I skipped that camera because I thought it was rushed in favor of the big launch of their new lens line.

Benoit. I always enjoy your replies. Even, times in previous articles where you disagree with me your comments are always highly educated and wonderfully articulated. I have not had issues with overheating; however, this complaint came up repeatedly in my data collection on the R5. Error 20 and overheating were the two big issues. That's an interesting observation you have. I remember the time you're referring to. I was waiting and waiting for Canon to put out something to compete with Sony and as soon as they did, I jumped right on it. Interesting thought there.

Like you, I am a loyal Canon shooter. My first Canon was an FT back in 1965. I preordered and got my R5 in the first month of release. I've shot over 100,000 frames with no issues at all. Sorry you've had bad luck with the camera, but it's never failed me yet. I still have my F1 with a motor drive, and it's still working also. @VegasCameraGuy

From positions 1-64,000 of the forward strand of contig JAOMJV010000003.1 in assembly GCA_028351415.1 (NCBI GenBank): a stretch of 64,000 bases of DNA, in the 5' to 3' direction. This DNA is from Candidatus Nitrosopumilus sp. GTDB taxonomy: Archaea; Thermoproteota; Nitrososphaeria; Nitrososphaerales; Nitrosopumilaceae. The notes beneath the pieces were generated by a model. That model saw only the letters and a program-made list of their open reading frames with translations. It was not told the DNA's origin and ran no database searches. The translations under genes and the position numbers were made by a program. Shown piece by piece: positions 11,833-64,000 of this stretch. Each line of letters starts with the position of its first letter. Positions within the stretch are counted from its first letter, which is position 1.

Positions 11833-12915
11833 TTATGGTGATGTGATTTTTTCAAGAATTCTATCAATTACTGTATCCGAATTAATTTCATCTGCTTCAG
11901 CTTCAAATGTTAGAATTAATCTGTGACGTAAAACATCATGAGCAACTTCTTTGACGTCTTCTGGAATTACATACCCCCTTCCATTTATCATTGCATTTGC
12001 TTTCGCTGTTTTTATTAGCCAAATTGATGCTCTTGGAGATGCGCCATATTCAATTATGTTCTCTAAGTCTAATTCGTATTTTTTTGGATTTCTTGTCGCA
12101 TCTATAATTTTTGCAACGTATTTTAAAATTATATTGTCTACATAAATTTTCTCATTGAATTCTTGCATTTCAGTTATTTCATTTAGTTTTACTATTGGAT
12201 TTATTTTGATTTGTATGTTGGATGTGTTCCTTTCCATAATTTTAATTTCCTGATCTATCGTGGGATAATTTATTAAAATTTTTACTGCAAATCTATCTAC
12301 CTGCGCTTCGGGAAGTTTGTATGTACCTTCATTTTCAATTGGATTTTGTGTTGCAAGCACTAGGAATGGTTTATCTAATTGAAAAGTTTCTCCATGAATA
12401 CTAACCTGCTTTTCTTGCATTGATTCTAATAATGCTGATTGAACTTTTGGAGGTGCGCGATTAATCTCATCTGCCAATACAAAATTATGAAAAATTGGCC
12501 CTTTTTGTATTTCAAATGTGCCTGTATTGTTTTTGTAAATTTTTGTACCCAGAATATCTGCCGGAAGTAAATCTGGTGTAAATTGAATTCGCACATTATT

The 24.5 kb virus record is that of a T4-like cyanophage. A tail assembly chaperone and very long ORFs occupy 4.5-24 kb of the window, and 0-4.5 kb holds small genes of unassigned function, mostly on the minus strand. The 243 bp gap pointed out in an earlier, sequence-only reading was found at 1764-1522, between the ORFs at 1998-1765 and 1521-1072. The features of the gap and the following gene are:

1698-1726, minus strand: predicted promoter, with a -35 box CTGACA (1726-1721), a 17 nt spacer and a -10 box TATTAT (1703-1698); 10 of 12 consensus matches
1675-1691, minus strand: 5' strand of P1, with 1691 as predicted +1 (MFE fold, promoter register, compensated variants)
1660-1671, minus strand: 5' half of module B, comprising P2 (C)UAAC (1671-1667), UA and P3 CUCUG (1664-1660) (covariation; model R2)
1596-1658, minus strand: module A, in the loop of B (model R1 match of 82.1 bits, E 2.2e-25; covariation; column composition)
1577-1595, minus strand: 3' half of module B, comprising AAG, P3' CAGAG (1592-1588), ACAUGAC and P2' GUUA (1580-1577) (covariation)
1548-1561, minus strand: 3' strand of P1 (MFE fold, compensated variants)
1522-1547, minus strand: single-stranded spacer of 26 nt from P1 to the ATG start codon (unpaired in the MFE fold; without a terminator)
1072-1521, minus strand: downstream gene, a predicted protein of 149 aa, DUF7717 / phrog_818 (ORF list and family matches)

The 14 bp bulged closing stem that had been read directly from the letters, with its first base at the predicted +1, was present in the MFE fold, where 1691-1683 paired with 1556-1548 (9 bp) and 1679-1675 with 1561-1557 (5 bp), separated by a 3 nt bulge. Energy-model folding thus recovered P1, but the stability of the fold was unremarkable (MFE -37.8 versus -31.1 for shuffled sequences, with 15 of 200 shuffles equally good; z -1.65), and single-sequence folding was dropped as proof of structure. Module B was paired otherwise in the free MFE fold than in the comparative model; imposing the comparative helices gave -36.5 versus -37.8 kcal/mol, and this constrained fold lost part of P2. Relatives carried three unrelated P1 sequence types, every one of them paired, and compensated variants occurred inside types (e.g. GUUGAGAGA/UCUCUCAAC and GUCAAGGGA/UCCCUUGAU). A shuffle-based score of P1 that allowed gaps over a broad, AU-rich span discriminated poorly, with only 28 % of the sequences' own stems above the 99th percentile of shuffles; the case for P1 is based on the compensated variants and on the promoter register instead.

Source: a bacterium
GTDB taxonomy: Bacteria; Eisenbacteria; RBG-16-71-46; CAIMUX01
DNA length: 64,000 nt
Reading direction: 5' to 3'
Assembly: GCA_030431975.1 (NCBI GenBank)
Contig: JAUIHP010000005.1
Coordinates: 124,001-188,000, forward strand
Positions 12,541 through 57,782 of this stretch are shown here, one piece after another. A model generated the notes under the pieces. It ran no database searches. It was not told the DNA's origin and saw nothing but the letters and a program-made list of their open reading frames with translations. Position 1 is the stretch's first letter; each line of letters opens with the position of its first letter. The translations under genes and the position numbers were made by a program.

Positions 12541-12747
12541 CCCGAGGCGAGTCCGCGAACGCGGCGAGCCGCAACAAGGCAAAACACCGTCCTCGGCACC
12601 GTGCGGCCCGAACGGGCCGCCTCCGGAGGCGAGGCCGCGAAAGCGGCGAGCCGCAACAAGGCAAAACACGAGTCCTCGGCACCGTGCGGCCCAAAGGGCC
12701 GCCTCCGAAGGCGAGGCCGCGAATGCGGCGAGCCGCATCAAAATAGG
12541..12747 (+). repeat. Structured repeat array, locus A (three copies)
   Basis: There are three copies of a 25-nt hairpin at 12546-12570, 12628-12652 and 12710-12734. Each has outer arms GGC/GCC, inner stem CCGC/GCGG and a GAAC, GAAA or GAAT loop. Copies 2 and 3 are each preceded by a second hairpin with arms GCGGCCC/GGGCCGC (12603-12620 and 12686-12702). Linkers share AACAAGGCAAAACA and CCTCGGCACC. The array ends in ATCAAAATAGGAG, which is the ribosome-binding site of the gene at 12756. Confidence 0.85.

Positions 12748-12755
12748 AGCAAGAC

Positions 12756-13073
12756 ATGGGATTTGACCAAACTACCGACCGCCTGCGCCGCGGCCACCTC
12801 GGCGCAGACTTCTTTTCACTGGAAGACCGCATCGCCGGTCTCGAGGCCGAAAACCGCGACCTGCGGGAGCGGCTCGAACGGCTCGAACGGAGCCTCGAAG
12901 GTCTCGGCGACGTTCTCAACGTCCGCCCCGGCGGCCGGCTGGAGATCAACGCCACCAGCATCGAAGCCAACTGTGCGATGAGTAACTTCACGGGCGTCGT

I'm thrilled to hear that! Thank you for your feedback

Do you shoot videos or did your camera ever over heated?

I think a healthy supply of rubber bands will do wonders, possibly some elastoplast. I'm still running an old a7rii admittedly on an amateur basis so guess it doesn't count, understand that, but seems a shelf life these days of a couple of years heavy usage flashes lights, time for an upgrade. Can sort of imagine the execs sitting round a table going the camera is too good, how can we make it fail early, can someone speak to engineering about that

Lol them and the car makers!

Having worked in that industry I would think that the car makers would use the term "over engineered" for that "market segment" and "price point"

Yes, you're right. The engineers